Because I really don't feel like I can talk about it. Sometimes I may say things. If the tornado sirens go off in class and I'm freaking out inside, I might mention to one of my friends after class that I hate tornado sirens. But if they show any kind of concern, I quickly say, "Yeah, it bothers me, but it's okay. I'm fine." And I put on my cheerful face. When a friend was in an accident and nearly died and dealt with post traumatic stress, I knew what she was dealing with before she did, and I recognized the way she talked and processed. I'd say things like, "Well for me after the tornado . . . so it makes sense that you . . .." But I tried to never let on that watching her trauma made me think of my own, and I actually felt badly that the tornado could still bother me so much, that even watching someone else deal with trauma could make me relive the tornado as if my head had turned into a giant movie screen and I was stuck in the red velvet chair. I felt badly that I could not focus my entire attention on her and what she was going through. I felt stupid that I was still so bothered by the tornado three whole years later.
This was before 2011 officially became the year of the tornado. Thankfully, a few weeks before the Alabama tornadoes, I had gone and talked to someone about it and we agreed that I was still "officially" dealing with PTSD. That was helpful. But then Alabama happened. Then, this past Sunday, the sirens went off. My grandparents, aunt, and cousin were here, so that meant sitting in the basement surrounded by people who didn't get that talking about tornadoes a few miles away was not the most helpful thing for someone who was almost killed by one three years ago. And then I found out that the tornadoes tore through the neighborhood I lived in from ages 2-8. And that that same day tornadoes may or may not have touched down in North Liberty. And then Joplin happened, and that was even more fuel to the "everywhere I turn, there's tornado coverage" fire.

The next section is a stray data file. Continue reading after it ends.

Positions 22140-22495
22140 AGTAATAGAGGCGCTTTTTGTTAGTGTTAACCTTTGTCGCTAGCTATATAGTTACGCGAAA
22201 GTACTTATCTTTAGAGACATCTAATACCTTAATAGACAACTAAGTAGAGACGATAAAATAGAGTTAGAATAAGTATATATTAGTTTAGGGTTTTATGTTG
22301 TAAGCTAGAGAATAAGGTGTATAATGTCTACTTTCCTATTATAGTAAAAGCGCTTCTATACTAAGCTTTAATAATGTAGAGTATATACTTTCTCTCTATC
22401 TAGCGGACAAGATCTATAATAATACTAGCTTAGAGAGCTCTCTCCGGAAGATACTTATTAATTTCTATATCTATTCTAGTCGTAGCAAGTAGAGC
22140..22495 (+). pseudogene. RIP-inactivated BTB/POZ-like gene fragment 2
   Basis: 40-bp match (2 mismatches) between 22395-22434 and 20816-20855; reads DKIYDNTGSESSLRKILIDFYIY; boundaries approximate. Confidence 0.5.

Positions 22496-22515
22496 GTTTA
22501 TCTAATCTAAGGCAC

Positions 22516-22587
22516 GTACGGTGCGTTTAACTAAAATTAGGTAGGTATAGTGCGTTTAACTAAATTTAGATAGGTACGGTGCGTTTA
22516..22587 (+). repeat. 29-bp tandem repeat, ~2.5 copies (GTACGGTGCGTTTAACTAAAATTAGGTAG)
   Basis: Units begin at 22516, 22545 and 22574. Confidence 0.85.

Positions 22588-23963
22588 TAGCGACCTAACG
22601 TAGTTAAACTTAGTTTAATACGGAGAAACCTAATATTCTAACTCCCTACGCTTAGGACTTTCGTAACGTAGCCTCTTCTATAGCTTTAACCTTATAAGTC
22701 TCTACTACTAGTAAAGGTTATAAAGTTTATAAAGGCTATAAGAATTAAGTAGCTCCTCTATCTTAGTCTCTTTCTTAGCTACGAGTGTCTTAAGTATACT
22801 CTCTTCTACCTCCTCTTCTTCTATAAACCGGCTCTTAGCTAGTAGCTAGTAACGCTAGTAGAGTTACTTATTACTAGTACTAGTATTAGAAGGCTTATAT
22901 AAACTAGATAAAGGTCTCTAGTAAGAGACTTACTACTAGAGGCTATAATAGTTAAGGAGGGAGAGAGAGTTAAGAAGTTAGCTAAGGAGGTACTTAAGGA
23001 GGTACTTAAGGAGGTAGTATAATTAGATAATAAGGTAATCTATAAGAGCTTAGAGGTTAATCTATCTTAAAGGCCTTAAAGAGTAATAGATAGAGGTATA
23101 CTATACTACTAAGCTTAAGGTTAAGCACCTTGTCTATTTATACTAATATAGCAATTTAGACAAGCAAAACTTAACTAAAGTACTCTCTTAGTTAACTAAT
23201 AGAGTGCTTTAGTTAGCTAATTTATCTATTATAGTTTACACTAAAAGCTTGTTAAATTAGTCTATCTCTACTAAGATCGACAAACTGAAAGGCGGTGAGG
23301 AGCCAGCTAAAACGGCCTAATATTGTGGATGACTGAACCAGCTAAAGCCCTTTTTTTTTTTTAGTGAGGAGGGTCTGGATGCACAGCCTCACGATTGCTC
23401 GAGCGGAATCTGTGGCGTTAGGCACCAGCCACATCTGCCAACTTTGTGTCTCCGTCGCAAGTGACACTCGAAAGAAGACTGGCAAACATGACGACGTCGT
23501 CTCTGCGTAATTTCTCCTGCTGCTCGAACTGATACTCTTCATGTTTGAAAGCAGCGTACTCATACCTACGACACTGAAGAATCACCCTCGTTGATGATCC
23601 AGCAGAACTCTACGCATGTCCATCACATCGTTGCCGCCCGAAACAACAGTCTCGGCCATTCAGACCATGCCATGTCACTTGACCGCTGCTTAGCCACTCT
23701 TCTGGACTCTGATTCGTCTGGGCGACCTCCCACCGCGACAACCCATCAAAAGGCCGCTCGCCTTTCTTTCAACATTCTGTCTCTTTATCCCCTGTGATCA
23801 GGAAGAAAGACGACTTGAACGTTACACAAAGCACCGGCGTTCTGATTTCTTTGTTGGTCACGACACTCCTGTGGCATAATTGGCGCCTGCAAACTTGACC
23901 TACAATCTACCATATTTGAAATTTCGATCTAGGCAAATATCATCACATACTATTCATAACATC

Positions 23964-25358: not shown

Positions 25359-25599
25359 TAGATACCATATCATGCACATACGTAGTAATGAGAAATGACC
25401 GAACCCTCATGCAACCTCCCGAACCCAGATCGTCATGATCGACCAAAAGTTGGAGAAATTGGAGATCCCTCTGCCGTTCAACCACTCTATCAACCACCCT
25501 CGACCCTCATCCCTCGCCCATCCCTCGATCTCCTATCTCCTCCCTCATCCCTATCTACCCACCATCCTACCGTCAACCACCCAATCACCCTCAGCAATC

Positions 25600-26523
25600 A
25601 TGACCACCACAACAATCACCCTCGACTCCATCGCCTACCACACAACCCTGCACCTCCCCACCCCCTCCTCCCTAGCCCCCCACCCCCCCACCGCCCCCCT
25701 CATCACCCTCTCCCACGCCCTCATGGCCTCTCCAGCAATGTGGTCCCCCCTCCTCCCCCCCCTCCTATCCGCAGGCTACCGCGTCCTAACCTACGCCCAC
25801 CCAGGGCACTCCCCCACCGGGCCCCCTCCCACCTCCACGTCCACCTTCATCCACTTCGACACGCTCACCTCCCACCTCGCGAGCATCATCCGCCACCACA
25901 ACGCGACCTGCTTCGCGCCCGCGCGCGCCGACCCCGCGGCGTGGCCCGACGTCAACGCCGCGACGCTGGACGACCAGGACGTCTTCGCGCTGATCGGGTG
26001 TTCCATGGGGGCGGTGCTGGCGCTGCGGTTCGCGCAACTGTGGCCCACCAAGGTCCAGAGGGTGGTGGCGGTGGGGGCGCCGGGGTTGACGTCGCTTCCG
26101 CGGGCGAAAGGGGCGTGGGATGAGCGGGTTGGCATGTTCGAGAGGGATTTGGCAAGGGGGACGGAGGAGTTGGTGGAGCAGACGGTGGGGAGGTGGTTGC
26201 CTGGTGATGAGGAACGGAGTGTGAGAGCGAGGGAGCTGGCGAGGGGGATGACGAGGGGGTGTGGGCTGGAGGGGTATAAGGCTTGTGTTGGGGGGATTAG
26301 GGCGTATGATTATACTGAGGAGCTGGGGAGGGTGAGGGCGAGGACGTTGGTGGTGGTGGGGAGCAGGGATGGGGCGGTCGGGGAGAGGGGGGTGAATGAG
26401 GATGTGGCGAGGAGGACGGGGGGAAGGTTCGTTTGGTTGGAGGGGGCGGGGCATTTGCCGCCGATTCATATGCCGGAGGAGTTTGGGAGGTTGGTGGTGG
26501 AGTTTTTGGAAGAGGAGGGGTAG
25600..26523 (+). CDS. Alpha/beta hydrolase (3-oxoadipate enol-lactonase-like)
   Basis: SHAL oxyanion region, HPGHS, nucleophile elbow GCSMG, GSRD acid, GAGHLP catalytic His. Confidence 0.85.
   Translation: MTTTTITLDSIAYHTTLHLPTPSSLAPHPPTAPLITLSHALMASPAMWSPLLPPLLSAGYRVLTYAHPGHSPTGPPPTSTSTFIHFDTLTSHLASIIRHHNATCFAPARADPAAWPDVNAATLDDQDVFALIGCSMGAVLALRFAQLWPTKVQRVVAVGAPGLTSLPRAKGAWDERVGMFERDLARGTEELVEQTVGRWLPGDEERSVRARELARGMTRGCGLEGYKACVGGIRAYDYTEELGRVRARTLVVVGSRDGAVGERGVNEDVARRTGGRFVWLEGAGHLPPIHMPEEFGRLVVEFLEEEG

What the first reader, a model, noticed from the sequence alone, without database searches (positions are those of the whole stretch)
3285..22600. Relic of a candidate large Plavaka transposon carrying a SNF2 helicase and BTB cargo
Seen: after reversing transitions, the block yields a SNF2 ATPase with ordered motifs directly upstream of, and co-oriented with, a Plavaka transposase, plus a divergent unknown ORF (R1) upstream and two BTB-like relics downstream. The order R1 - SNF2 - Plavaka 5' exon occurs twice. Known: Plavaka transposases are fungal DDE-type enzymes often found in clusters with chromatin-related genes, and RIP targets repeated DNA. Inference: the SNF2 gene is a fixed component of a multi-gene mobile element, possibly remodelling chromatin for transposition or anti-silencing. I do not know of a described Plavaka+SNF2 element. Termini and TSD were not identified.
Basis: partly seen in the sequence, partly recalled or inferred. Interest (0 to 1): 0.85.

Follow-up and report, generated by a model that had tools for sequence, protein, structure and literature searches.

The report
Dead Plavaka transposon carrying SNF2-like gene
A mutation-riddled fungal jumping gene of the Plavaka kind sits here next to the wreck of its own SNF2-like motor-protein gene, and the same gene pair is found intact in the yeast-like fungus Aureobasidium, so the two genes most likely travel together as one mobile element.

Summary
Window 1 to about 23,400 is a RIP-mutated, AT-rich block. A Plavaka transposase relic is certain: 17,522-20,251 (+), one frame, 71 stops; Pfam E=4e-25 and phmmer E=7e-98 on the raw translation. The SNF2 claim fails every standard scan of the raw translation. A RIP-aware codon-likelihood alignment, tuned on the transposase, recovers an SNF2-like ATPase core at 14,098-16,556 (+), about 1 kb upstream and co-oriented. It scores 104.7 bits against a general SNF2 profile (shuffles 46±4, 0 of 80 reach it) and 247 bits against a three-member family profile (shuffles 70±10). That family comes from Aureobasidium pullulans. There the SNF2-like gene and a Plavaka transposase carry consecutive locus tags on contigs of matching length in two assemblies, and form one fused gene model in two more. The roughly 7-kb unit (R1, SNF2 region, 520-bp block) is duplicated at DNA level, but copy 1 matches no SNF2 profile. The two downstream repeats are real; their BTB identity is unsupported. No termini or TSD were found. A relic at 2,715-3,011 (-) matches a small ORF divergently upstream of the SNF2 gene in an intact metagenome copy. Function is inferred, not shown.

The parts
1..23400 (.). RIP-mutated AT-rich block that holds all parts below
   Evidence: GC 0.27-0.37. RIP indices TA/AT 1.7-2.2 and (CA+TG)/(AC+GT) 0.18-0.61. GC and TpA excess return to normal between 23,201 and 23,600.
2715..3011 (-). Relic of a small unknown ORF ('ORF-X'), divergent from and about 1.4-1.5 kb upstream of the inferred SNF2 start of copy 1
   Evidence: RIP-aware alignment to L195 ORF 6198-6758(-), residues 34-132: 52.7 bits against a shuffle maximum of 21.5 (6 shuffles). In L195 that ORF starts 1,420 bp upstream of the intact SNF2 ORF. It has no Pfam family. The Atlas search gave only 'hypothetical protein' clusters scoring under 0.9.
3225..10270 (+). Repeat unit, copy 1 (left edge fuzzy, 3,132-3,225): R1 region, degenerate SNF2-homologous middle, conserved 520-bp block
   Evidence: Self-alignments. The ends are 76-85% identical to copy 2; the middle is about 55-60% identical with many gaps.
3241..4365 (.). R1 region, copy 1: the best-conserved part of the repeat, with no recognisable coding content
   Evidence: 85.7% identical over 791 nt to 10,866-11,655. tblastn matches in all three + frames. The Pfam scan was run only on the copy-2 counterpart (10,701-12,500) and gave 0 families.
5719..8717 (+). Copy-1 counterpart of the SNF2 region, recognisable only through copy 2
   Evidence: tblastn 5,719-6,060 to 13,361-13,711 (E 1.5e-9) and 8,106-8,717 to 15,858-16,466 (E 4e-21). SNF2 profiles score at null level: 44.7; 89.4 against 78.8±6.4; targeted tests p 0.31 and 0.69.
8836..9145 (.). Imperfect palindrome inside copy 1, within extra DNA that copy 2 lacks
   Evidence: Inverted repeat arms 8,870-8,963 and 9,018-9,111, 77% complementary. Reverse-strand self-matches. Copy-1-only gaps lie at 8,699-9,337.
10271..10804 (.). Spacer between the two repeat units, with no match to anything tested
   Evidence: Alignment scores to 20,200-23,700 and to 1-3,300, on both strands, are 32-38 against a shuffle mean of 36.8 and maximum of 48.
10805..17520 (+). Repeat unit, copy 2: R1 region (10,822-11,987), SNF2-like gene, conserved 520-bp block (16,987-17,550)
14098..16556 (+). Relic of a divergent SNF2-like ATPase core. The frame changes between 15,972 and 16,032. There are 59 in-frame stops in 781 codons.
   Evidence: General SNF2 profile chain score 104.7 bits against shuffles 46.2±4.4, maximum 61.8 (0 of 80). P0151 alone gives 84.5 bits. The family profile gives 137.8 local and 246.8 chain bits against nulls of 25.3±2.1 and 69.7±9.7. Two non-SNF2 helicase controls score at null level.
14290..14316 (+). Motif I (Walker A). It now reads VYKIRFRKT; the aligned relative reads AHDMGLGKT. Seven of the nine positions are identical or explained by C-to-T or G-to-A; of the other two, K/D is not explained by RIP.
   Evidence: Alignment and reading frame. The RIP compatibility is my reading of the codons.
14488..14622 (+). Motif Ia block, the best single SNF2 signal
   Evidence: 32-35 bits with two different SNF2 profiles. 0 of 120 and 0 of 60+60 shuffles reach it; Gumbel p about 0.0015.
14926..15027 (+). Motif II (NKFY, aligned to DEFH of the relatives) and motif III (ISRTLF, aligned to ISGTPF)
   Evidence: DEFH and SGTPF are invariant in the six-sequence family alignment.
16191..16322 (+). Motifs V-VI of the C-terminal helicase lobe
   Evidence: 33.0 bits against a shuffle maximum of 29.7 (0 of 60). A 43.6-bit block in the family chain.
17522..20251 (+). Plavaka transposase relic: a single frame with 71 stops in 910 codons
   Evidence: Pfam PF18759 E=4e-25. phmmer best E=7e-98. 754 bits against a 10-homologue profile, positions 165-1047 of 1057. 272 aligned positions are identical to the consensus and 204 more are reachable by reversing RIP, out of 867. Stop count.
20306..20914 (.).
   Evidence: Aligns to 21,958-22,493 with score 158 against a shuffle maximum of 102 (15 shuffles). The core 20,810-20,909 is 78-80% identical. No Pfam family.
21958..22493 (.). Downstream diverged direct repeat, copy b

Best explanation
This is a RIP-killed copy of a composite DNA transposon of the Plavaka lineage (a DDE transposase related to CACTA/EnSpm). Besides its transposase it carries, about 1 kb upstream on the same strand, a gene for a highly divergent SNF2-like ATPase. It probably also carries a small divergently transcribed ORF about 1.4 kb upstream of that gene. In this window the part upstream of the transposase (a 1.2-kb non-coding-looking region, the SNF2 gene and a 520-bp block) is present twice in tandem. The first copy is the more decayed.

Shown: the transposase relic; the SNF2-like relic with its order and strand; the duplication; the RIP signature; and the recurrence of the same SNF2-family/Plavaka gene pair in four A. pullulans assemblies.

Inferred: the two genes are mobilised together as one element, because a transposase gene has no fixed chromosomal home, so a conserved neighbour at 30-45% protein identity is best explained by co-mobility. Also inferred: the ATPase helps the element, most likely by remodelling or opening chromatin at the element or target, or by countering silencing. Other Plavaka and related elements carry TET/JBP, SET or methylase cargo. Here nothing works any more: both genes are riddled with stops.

I guess I feel like I can't talk about it because I don't get why tornadoes still bother me. Logically, I think about it and say that I'm fine with the fact that I almost died and that I almost lost many of my close friends, I'm fine having lost most of what I owned--I really don't get sad about losing everything and hardly did even a few months after the fact, and I'm not really afraid that it would happen to me again because--really--how statistically improbable is it that it would happen twice to the same person. Why, then, do I want to cry every time I hear tornado sirens? Why does my heart race and my stomach knot up every time I see pictures of tornado damage? Why do I still get angry about the tornado emotionally when I'm not angry about it in my head, logically?
I know it doesn't make sense and that it isn't suppose to make sense. I probably need to worry less about how I'm *suppose* to be and learn to be okay with how I am. I just am so convinced that everyone else from Union is perfectly better now and that something must be wrong with me for me to still be dealing with it. And that's just silly. I wouldn't be surprised if many people still feel the way I do but also feel silly for expressing it.